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Revenge, evil and violence dissected

For Reservoir Dogs and Pulp Fiction alone, we should all still worship Quentin Tarantino. Even if, after a few duds, we mightn't feel like it. Infuriating, patchy at times (remember Death Proof?), but always interesting, the chic geek now brings us his take on the war movie genre.

Aside from a great opening, and a few nice set pieces, it's not your typical war movie. I was expecting a modern Dirty Dozen, but this is talkier than that and leaves you pondering whether we become monsters if we fight them.

Set at the height of the Second World War, it centres on a group of Jewish resistance fighters in their work of slaughtering as many Nazi soldiers by scalping them. They don't take prisoners, but cunningly leave one soldier alive after each raid, carving a swastika in his forehead to terrify others and give him a mark of shame for when the war ends.

They're led by earnest and hillbillyish Lieutenant Aldo Raine (an excellent Brad Pitt) and in turn are hunted by an evil "Jew Hunter", Colonel Hans Landa (Christoph Waltz).

Tying together a number of disparate stories, the Basterds are roped in by Shosanna Dreyfus (Melanie Laurent) to avenge the death of her family by taking out the Nazi top brass -- including Adolf Hitler himself.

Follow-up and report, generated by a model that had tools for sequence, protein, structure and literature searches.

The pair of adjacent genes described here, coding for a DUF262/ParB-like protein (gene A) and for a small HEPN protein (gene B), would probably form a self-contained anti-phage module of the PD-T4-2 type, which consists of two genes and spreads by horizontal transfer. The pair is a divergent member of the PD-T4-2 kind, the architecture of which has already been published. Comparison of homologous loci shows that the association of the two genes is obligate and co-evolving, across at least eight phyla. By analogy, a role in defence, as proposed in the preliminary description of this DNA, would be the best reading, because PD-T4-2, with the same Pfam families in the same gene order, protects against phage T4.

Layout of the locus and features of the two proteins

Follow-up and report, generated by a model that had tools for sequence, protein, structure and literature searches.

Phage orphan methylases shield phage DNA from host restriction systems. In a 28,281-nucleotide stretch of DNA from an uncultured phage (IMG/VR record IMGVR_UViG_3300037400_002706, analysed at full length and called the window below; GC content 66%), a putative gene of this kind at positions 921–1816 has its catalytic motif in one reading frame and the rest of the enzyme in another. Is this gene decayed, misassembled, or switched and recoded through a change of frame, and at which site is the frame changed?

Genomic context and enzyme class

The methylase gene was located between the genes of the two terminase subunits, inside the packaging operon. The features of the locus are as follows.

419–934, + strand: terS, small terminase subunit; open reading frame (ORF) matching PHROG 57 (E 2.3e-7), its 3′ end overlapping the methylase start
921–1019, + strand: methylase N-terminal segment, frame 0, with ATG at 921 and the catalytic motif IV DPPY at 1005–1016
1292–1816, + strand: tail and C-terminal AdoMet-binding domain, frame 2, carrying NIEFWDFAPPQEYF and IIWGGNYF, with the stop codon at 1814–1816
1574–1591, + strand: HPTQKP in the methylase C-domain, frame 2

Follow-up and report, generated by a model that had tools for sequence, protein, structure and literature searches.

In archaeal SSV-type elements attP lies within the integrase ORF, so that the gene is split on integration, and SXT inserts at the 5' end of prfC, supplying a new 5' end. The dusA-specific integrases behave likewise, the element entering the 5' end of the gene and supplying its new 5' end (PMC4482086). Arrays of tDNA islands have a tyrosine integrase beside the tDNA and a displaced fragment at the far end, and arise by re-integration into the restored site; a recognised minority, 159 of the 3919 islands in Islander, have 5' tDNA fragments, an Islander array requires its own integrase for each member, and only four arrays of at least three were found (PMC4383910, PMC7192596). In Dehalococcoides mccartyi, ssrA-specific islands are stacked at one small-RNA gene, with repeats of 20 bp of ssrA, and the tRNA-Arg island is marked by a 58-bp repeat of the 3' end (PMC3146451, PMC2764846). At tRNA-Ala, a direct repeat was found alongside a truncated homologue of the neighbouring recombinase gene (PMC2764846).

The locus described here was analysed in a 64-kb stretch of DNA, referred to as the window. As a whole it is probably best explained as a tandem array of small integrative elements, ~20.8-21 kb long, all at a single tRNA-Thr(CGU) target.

She aims to ambush the leadership at a small Parisian cinema which is screening the premiere of Joseph Goebbels's (Sylvester Groth) latest work of propaganda. She gets the Nazi leadership to turn up for the trap, using herself as a honey trap.

A bloody revenge fantasy in the vein of Kill Bill, it's even better than those two efforts, with super performances throughout, with Waltz and Pitt, though locked against each other, equally chilling.

Too long at 153 minutes, it's not a classic, but it'll keep you thinking about the nature of evil long after.

DVD extras: A second disc has extended and alternate scenes and a roundtable discussion with Tarantino and Pitt, and several making-of featurettes.


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